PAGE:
Is your Spending Policy Getting the Attention it Needs?

April 7, 2022 |
1 minute read

Spending policy is the most overlooked aspect of endowment management and many are likely not employing the optimal calculation for their institution.

Many investment committees review "strategic policy" for the endowments they oversee on an annual basis. Unfortunately, too often that means simply reviewing the asset allocation plan while neglecting another key aspect of strategic policy: the spending policy. As the only permanent link between the endowment and the institution it supports, the spending, or distribution, policy is a critical component of endowment management and should be revisited just as frequently as asset allocation.

More specifically, the investment committee should ensure that the endowment has adopted the optimal calculation for its institution by considering key aspects such as the operating budget’s reliance on the endowment and sensitivity to distribution volatility.

Often, we find that the spending policy does not fall under the purview of the investment committee and therefore the frequency and depth of that review is uncertain. We would argue that even if the review of spending policy lies with another board-designated committee—for example, a finance committee—the investment committee should at least take part in those discussions and ideally help to establish or reaffirm the policy.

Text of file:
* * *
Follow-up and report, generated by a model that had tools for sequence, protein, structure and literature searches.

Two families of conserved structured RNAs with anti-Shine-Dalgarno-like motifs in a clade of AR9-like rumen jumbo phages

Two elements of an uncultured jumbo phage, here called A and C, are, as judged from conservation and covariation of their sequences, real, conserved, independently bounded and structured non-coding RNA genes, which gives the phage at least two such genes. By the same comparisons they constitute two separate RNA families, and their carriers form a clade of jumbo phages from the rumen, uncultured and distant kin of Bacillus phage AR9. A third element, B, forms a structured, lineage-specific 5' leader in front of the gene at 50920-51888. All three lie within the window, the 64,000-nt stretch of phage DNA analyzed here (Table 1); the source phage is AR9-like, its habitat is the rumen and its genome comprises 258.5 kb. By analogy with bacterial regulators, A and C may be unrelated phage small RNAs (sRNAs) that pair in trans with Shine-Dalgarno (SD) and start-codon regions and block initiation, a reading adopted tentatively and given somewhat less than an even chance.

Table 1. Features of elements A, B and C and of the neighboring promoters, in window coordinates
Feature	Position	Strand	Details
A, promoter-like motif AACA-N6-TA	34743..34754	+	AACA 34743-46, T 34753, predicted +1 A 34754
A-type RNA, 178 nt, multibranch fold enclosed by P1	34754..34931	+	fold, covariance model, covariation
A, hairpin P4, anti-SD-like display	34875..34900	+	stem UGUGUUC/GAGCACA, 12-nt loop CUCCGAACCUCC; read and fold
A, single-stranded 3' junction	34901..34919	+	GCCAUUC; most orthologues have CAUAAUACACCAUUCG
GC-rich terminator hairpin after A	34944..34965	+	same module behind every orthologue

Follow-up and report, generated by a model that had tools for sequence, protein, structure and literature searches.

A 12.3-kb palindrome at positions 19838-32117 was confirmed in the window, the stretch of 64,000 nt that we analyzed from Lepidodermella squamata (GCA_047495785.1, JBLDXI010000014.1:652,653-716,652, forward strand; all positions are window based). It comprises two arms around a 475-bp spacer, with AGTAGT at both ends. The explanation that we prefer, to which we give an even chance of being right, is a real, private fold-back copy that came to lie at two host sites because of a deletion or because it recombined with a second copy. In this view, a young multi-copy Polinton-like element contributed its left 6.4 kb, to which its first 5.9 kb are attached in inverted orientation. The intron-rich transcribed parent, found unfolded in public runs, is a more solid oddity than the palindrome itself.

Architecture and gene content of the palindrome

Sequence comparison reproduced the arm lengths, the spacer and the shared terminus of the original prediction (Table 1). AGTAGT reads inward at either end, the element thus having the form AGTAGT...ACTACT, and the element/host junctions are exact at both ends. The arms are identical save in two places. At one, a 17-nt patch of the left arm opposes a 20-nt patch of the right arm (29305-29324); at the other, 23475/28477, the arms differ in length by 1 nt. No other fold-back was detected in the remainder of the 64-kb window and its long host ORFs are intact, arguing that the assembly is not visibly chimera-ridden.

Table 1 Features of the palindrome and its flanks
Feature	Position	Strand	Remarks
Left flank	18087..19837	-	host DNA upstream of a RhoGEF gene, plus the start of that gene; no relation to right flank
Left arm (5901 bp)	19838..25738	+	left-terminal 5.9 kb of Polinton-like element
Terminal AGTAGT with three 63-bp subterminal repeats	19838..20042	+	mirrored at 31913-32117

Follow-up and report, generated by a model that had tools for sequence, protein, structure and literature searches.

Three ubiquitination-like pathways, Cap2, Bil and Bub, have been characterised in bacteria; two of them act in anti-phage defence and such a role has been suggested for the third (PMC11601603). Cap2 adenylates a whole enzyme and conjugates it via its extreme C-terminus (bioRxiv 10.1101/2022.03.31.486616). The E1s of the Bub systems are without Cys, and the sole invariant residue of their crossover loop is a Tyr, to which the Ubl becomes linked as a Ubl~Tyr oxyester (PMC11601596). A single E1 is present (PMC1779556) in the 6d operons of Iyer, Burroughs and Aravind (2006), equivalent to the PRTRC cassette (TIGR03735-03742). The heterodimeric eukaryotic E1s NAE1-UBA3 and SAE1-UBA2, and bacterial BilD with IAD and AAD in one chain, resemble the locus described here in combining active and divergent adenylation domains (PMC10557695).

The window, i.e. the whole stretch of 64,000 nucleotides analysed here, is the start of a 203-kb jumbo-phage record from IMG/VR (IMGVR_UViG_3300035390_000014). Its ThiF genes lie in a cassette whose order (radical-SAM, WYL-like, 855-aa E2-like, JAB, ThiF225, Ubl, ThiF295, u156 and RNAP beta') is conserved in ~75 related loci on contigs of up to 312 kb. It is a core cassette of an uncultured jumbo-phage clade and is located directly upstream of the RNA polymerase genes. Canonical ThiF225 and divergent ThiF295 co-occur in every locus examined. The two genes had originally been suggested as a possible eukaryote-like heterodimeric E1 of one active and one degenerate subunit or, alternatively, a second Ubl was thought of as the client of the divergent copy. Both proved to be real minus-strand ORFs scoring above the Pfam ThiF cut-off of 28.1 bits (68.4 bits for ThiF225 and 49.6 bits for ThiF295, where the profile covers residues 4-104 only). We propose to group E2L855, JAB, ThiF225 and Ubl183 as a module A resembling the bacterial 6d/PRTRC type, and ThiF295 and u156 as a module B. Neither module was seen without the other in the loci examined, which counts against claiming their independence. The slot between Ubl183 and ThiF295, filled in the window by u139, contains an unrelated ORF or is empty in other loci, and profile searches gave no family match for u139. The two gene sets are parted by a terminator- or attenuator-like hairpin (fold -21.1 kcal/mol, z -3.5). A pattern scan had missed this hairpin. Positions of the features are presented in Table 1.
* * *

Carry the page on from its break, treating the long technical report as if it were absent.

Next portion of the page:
Further, whether due to its simplicity in calculation and/or its ability to be easily explained to donors, most institutions have defaulted to using the rolling average spending method. In fact, according to the 2021 NACUBO-TIAA Study of Endowments ("NTSE"), 74 percent of the higher educational institutions that responded to the survey were using the moving average methodology, with 70 percent of those using the three-year or 12-quarter time frame for calculation.

As outlined in our 2017 publication, Spending Policy: Is Yours Ready for the Next Downturn?, when there is a confluence of strong investment returns, low inflation, high levels of giving and increasing demand for educational services, a smoothed average spending methodology is likely the ideal policy for many institutions.

Given the favorable capital markets and philanthropic conditions of the past decade, it is unsurprising that fiduciaries have not devoted significant time to the topic of spending policy—75 percent of educational institutions were using the moving average policy a decade ago according to the 2011 NACUBO-Commonfund Study of Endowments.

However, as we look ahead to the next 10 years and beyond, it is possible that conditions will not be as idyllic. Therefore, the time is now to explore whether your endowment is using the optimal spending calculation.

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Anthony Peretore


Anthony Peretore

Managing Director

Anthony Peretore


Rachel Stavola Clivaz

Associate Director

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